Sunday, January 18, 2015

Werner Herzog - some thoughts on filmmaking and life


In 1982 Werner Herzog wrote and directed the movie Fitzcarrraldo which starred the eccentric Klaus Kinski. The film tells the story of how a steamship was dragged over a step hill to access rich rubber territory. I've been reading Conquest of the Useless Herzog's account of this adventure - it's a testament to his vision, endurance and courage.

Todays posting from the wonderful Open Culture offers 24 pieces of advice from Werner Herzog about life and filmmaking. Many of Herzog's suggestions apply equally to the business of still photography. Here they are:

1. Always take the initiative.
2. There is nothing wrong with spending a night in jail if it means getting the shot you need.
3. Send out all your dogs and one might return with prey.
4. Never wallow in your troubles; despair must be kept private and brief.
5. Learn to live with your mistakes.
6. Expand your knowledge and understanding of music and literature, old and modern.
7. That roll of unexposed celluloid you have in your hand might be the last in existence, so do something impressive with it.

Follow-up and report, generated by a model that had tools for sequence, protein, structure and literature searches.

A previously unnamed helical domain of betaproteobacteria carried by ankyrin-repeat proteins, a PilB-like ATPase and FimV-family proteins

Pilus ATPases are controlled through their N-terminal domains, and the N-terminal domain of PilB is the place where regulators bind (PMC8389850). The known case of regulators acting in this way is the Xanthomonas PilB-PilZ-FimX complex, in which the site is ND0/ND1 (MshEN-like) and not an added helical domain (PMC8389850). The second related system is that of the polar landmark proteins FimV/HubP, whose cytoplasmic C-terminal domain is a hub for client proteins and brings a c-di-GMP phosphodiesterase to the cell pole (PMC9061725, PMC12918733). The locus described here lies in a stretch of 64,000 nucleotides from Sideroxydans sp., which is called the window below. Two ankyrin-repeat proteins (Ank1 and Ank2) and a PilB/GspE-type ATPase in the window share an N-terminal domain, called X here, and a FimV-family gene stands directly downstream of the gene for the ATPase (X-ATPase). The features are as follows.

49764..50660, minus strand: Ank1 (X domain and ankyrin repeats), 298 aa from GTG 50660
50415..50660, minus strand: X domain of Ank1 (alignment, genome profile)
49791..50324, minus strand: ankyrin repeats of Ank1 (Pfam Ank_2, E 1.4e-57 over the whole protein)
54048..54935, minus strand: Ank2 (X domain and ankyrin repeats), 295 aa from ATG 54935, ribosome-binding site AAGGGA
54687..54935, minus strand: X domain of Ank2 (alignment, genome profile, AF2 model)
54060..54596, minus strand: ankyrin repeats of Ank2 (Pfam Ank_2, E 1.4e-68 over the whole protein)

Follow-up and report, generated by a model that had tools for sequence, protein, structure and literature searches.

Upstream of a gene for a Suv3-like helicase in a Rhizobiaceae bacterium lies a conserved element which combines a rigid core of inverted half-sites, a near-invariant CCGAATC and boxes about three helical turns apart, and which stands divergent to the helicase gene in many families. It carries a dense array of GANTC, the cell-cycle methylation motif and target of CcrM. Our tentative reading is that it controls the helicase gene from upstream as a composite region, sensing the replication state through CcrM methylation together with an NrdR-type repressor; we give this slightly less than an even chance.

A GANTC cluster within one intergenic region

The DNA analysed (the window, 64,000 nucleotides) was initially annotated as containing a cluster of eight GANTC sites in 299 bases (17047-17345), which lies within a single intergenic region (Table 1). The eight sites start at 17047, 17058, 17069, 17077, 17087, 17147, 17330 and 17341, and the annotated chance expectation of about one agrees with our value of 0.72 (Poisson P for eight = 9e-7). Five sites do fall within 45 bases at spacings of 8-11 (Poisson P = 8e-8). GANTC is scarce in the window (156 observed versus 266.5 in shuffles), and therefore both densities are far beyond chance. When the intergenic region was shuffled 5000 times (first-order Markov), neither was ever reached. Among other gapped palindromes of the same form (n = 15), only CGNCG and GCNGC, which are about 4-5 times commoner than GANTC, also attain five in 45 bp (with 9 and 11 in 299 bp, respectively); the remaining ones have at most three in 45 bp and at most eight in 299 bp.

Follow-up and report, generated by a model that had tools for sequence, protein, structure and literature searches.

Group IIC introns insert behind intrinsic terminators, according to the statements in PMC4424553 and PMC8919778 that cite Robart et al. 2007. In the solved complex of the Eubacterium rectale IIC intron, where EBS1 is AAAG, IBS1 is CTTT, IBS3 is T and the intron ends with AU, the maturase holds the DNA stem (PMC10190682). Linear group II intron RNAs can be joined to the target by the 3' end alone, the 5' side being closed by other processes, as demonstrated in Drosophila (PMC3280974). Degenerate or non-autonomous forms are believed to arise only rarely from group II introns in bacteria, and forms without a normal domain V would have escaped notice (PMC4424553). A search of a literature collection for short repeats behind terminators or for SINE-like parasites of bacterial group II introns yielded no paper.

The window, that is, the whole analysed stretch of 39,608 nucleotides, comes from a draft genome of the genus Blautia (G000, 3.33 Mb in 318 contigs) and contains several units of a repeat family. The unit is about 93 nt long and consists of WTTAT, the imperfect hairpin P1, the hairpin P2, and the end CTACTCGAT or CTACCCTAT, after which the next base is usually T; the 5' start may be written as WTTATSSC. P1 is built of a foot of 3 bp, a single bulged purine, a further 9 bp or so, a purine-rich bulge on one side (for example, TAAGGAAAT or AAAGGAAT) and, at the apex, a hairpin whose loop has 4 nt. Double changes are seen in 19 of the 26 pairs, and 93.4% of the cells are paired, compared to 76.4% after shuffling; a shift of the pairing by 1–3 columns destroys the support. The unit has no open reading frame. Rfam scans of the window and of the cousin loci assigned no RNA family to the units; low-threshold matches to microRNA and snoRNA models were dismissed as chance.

8. There is never an excuse not to finish a film.
9. Carry bolt cutters everywhere.
10. Thwart institutional cowardice.
11. Ask for forgiveness, not permission.
12. Take your fate into your own hands.
13. Learn to read the inner essence of a landscape.
14. Ignite the fire within and explore unknown territory.
15. Walk straight ahead, never detour.
16. Manoeuvre and mislead, but always deliver.
17. Don’t be fearful of rejection.
18. Develop your own voice.
19. Day one is the point of no return.
20. A badge of honor is to fail a film theory class.
21. Chance is the lifeblood of cinema.
22. Guerrilla tactics are best.
23. Take revenge if need be.
24. Get used to the bear behind you.

There are lots of Herzog' links on the Open Culture post and on their home page more art and cultural material than you can ever get your head around.

You can see the Fitzcarraldo trailer on YouTube HERE.

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